A migrating stork is held in a police station after a citizen suspected it of being a spy and brought it to the authorities in the Qena governorate, some 450 kilometers (280 miles) southeast of Cairo, Egypt (Photo: AP)
Egypt’s police put a stork under arrest late Friday as a device was found attached to its feathers, fueling accusations that it might have been used for espionage, Al-Ahram Arabic-language news website reported.
According to Al-Ahram's Arabic site, a fisherman in the Nile River of Egypt’s southern governorate Qena caught the accused stork, which was among a group of five birds waddling in the freshwater.
The fisherman became suspicious that the device on the stork's body could be used for spying, prompting him to hand it over to the Coalition of Arab Tribes in Qena, who in turn filed a police report.
An anonymous security official told Ahram Online on Saturday that security and environmental experts are currently examining the device in order to determine its intended purposes and whether or not the little bird has repeated national secrets to anyone.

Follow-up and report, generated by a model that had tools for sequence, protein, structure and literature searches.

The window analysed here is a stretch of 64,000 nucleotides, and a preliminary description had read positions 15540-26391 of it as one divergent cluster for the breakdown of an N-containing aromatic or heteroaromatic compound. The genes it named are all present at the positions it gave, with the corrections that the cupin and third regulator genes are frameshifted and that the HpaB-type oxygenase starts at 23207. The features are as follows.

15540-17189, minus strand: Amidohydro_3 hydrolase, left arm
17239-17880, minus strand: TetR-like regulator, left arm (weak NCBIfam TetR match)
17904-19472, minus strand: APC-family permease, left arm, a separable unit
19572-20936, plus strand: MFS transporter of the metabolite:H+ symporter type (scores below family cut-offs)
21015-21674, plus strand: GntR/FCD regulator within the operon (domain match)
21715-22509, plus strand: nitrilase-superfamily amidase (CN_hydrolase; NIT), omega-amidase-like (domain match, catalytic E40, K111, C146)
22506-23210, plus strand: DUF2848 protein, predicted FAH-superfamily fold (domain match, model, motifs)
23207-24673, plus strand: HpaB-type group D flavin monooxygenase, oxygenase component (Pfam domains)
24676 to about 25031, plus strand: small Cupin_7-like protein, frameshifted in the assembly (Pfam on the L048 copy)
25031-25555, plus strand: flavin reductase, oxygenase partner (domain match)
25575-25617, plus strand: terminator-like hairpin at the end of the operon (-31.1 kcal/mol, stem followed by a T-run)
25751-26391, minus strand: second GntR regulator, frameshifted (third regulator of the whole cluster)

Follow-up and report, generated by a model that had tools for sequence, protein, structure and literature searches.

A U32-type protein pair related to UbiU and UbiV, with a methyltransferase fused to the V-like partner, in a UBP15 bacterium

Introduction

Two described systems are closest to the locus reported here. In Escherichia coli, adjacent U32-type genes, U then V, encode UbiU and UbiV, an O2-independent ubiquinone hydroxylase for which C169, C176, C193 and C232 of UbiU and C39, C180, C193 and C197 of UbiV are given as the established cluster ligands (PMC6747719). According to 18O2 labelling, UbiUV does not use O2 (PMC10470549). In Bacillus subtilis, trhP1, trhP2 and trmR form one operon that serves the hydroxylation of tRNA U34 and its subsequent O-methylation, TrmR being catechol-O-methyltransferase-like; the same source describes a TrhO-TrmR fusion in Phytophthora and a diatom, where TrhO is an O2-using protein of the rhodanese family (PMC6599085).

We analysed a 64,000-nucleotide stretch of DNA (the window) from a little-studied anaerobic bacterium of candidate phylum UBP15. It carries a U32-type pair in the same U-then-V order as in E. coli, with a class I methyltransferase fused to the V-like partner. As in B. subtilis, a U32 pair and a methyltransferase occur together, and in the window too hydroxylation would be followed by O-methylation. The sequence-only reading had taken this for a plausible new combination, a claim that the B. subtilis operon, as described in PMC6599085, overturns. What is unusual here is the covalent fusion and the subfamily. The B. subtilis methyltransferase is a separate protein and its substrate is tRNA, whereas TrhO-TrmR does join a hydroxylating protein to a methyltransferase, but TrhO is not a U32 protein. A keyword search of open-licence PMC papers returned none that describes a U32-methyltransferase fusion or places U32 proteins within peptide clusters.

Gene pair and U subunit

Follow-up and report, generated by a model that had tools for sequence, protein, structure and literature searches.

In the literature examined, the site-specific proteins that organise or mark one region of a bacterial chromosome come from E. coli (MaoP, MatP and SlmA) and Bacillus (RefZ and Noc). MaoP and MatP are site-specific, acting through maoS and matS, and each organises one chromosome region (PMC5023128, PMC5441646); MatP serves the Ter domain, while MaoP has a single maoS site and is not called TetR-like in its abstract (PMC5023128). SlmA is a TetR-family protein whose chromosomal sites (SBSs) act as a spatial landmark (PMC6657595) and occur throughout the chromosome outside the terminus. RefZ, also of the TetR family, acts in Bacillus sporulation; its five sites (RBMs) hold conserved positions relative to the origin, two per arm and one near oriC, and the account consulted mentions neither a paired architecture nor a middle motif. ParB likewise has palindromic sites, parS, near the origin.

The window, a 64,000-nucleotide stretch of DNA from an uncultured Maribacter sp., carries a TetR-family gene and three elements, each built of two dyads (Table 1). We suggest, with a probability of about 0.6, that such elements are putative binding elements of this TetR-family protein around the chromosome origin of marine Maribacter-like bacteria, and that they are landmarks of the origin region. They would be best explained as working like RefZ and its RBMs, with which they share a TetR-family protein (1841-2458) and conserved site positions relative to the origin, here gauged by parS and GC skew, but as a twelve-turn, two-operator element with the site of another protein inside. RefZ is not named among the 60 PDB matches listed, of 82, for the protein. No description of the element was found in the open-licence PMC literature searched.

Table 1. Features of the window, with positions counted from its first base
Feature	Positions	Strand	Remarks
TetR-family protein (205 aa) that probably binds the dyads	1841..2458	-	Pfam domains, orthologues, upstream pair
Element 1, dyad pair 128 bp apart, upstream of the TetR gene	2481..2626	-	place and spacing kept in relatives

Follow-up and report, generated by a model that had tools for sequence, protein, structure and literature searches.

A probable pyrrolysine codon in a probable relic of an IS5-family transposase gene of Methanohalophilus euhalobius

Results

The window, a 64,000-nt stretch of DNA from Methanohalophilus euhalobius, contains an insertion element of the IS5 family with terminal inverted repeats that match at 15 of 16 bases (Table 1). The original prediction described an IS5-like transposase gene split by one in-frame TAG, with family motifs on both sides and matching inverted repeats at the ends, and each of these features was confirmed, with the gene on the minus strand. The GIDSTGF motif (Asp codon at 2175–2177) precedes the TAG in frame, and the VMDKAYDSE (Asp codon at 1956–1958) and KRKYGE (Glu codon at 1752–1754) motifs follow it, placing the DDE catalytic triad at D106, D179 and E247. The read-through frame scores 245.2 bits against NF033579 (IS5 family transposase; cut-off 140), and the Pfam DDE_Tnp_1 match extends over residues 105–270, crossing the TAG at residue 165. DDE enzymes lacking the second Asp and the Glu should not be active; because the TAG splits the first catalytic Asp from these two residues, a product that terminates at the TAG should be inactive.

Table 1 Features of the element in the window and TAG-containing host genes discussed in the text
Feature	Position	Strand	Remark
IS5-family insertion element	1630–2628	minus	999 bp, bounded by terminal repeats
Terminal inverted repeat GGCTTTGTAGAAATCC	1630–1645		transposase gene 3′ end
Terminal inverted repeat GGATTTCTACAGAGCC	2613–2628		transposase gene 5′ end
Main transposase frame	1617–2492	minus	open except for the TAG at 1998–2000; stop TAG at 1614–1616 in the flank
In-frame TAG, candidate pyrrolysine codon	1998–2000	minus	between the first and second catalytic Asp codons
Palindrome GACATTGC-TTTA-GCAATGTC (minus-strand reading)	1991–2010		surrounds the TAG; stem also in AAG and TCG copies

The device turned out to be a wildlife tracker used by French scientists to follow the movement of migrating birds, Ayman Abdallah, the head of Qena veterinary services said to the Associated Press. Abdallah said the device stopped working when the bird crossed the French border.
In January, a carrier pigeon was captured in the Egyptian governorate Qalyubia (North of Cairo) and was sent to the Criminal Investigation Department after a message was found attached to one of its feet and a microfilm to the other.
In 2010, sensationalist reports surfaced in the local media on "GPS-controlled sharks" allegedly sent by Israel to Sinai shores.
This story was corrected on 1 September to reflect that the captured bird was a stork and not a duck.